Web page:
Relocating Plerennials - Knowledgebase Question

Briggsville, WI
Avatar for chardon
Question by chardon
February 2, 1998
We are moving in early April and I want to dig my perennial garden and take it with me. Do I need to pot each plant or can I do a bare root move. The plants are several years old and I don't want to start over with immature plants.
How much timewould I have before I would need to set the plants into the soil at the new location.

Answer from NGA
February 2, 1998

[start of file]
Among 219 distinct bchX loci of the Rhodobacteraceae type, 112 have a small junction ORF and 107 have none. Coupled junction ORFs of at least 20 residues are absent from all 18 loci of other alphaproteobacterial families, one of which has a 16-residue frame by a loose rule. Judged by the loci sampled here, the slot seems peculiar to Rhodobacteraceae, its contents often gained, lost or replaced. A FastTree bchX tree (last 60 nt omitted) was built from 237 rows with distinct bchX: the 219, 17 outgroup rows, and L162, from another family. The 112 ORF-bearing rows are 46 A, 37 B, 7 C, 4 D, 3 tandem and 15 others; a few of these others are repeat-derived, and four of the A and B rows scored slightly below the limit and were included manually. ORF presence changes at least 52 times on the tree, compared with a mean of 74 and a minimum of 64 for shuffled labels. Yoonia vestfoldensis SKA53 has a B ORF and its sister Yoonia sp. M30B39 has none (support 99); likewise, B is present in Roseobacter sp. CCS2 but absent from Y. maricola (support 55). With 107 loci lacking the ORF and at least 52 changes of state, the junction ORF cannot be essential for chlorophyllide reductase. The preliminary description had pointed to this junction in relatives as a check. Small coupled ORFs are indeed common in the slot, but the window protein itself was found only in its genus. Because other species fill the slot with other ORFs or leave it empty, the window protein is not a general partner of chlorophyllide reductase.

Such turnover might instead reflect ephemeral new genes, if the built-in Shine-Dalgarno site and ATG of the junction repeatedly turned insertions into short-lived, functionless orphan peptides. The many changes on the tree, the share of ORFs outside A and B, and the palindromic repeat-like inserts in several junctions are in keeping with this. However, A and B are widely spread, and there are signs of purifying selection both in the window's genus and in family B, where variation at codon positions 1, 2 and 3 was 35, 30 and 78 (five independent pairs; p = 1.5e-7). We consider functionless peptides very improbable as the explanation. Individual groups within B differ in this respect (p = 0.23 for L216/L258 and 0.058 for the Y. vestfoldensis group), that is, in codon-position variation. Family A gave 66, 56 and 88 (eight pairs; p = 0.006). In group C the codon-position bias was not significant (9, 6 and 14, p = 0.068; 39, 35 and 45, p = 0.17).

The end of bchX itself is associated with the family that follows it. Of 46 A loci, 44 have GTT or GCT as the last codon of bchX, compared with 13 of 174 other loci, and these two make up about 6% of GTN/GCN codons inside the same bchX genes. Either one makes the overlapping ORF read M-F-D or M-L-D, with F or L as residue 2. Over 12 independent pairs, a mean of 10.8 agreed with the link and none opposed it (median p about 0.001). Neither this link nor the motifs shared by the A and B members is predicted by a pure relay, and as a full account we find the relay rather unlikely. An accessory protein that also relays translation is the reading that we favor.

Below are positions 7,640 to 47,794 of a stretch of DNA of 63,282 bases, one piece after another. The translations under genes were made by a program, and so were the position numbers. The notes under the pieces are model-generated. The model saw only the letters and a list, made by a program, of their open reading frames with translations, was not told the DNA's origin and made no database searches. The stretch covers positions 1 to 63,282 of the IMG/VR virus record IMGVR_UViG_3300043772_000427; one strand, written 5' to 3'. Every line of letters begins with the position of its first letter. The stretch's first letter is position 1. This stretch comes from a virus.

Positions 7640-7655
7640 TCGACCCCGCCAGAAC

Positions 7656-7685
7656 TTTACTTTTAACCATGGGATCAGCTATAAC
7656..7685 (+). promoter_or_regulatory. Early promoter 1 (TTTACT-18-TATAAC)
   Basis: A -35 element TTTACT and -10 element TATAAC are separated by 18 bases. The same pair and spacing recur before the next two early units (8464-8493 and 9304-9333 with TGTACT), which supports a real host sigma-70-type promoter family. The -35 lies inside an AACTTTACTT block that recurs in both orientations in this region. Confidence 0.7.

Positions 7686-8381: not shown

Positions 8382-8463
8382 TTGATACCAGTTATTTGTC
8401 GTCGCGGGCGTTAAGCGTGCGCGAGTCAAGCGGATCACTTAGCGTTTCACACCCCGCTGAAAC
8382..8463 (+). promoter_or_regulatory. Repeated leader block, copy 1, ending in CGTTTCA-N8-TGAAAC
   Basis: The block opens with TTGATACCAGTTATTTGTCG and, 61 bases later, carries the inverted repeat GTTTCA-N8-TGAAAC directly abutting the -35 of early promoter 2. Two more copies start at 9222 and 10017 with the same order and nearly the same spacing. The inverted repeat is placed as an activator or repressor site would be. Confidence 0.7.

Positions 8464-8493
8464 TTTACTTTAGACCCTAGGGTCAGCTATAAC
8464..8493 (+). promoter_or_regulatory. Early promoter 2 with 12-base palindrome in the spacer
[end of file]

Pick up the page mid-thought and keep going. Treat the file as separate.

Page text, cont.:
Plants should really only be transported in the bare-root stage while they are dormant, yours won't be dormant in April. If you are going to get them in the ground really, really fast after the move, you could dig the plants up, leave some soil (not much) intact, wrap the roots (and only the roots) in some sphagnum moss you have soaked in water overnight, wrap the moss in wet newspaper, wrap the newspaper in plastic wrap. Pack in a box very carefully and loosely. The box should stay cool and dark. The plants should not stay in this state if it is going to be more than 24 hours before you can put them in the ground. I think the better option would be to plant the perennials in nursery pots. It really isn't much more trouble than the root wrapping. You can almost always buy used plastic nursery pots from garden centers and greenhouses at a pretty cheap rate (5 to 10 cents each where I live). If you go this route, clean the pots out first with a mixture of 1 part bleach to 10 parts water. They can stay in these pots for a little while longer than the bare root plan if you keep them in a cool, shaded area (like a garage). Even with this route, I would get them in the ground as soon as possible. If they were my plants, I would plant them within three days. A few things to remember...this will be stressful to the plants. They may look kind of pathetic for a little while until they adjust to their new site. Give them a chance, they may look like they are dying for a day or two but they probably arent'. I have seen plants in similar situations look very, very dead and it came back to life with a little TLC. Be sure to keep them well watered. It is also a good idea to work some organic matter such as compost into their new planting bed, this makes them "feel better". Also, I don't know where you are moving to, but if it is out of state consider checking state guidelines on bringing plant life in. Some states, California is a good example, are very "picky" about what they allow in the state. You would be surprised but there are some garden plants and trees that are actually illegal in some states!

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